Five things on Friday #105

Back for 2015.


Yeah, so the plan was to take 2015 off for FTOF. I’ve done it before and it was actually quite nice to shake off the responsibility for a year or so. For this time around I thought I’d hand the decision over to you, dear reader (see item five, last week). And what a lovely bunch of people you turned out to be: every single response I received – via email, Twitter, or in person – was a variation of ‘Keep it going!’ and so here we are.

Five things on Friday is still here and will be for another year.

If you’re new here, welcome. Five things on Friday is a weekly collection of things that I’ve found on the Internet in the past week. It’s rarely five things (as there’s usually a few bonuses) and it sometimes doesn’t go out on a Friday either (like today, for instance). It’s as regular as it can be and a fair amount of effort goes into putting it together.

In short: your readership and support is appreciated.

Thank you.

If you know someone who might enjoy this weekly update as a newsletter, please do forward them to the sign up page, and give the gift of Five Things on [sometimes] Friday for 2015.

Right then, shall we crack on?

Things of note for the week ending January 2nd, 2015.

Did you know that some of Harry Styles’ biggest Twitter fans number their replies to their handsomely-haired boy band idol? No. Me neither. The why behind it though is just amazing.

‘I believe the children are the future…’

As random Internet facts go, I really like it.

I’m fortunate enough to be invited to speak at different events from time to time and the three things I swear by are preparation, preparation, and preparation.

In the first instance, knowing your materials forwards, backwards, inside and out, is so important for getting your presentation right.

In the second instance, knowing the space where you’re going to give your talk helps you understand the nature of the acoustics, how people will be looking you, and where the screen will be in relation to where you’re standing.

Finally, in the third instance, rehearsing the talk – alone, in your room, with friends, with family – helps hammer out those habits (I used to touch my face ALL OF THE TIME for some unknown reason – my Mum actually pointed it out and I don’t do it any more) and helps give you confidence when speaking.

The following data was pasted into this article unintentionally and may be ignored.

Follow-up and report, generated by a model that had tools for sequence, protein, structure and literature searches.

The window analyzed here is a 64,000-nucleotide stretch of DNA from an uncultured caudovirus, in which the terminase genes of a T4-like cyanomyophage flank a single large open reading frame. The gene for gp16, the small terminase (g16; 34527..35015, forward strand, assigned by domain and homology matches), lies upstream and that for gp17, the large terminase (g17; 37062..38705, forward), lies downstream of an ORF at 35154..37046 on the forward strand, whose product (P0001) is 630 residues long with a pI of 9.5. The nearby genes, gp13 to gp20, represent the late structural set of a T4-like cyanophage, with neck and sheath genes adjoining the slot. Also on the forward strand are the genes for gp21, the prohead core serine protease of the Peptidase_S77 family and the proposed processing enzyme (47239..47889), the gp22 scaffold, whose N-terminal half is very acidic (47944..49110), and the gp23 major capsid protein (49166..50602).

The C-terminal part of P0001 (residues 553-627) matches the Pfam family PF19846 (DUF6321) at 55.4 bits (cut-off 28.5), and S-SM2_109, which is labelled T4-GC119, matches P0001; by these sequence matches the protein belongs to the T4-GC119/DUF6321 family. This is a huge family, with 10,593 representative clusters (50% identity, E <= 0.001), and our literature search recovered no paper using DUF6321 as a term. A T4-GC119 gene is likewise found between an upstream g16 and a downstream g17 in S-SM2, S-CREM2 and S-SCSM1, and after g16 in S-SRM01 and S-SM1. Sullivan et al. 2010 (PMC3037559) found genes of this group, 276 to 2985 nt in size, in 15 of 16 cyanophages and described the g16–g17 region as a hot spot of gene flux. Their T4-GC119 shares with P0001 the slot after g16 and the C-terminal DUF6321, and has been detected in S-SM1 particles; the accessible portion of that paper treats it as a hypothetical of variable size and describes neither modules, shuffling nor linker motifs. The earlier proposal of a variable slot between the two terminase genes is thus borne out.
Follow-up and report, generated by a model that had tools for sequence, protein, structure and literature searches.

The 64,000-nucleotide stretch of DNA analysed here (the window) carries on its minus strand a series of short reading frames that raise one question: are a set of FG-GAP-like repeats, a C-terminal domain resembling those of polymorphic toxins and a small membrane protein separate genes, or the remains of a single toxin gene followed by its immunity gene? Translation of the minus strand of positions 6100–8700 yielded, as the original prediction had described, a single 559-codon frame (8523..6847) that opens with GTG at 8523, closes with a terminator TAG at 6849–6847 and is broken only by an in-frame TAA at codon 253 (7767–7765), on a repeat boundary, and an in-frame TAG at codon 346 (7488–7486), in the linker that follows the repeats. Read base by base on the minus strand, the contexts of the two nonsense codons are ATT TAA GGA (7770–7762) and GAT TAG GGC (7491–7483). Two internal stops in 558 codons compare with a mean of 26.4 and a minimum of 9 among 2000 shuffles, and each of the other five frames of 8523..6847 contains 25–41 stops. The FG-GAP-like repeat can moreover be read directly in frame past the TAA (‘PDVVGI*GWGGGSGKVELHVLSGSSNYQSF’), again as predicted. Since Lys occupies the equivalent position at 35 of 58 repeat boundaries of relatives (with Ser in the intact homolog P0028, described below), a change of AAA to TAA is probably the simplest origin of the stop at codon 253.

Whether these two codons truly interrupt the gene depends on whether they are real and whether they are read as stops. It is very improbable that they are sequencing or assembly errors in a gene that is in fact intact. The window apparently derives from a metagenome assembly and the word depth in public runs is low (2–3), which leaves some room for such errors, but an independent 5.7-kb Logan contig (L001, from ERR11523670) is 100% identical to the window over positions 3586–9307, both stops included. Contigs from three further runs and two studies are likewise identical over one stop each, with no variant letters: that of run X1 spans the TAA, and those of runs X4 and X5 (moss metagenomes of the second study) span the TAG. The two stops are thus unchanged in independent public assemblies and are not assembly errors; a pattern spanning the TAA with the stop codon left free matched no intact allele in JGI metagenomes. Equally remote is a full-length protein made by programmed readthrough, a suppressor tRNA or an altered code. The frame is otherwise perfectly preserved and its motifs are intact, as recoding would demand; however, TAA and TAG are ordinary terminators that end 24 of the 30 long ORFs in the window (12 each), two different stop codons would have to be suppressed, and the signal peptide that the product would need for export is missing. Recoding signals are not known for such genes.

That’s all great but what about if you have no materials?

What if you’ve had no prior warning to speaking and someone’s asked you to ‘just say a few words’ at a professional gathering of some kind?!

For some of us, panic can set in and fear takes over.

And fear is no good at all.


The good news is, thanks to Lifehacker (which is where I found this handy tip) preparation can help here too. Well, not preparation. But PREP. The PREP framework, in fact:

The next time you’re asked to say a few words with little or no notice, use the PREP framework to structure your speech.

PREP stands for:

  • Point – Introduce your speech with your main point. Focus on one point only, so it’s easier for your audience to comprehend.
  • Reasons – Tell your audience why you think the point is true. Back this up with research and statistics to add credibility if you have these to hand. If not, simply speak from the heart.
  • Example – Highlight an example (or several) that supports your main point and your reasons. Again, back this up with data if appropriate.
  • Point – Wrap up your mini-speech by reiterating your main point so that it sticks in people’s minds.

It’s a simple structure, relatively easy to remember and most importantly it works.

I love little  ‘cheats’ like this and employ a fair few of them when giving presentations. If you’ve got any, I’d love to hear about them.

3. STING (no not that one) BUT FOR WI-FI
Imagine you’re a Hobbit. Now imagine you’re Bilbo (or Frodo) Baggins. You’ve got this sword – it’s pretty ace – it glows blue whenever Orcs or Goblins are near. It’s literally magical.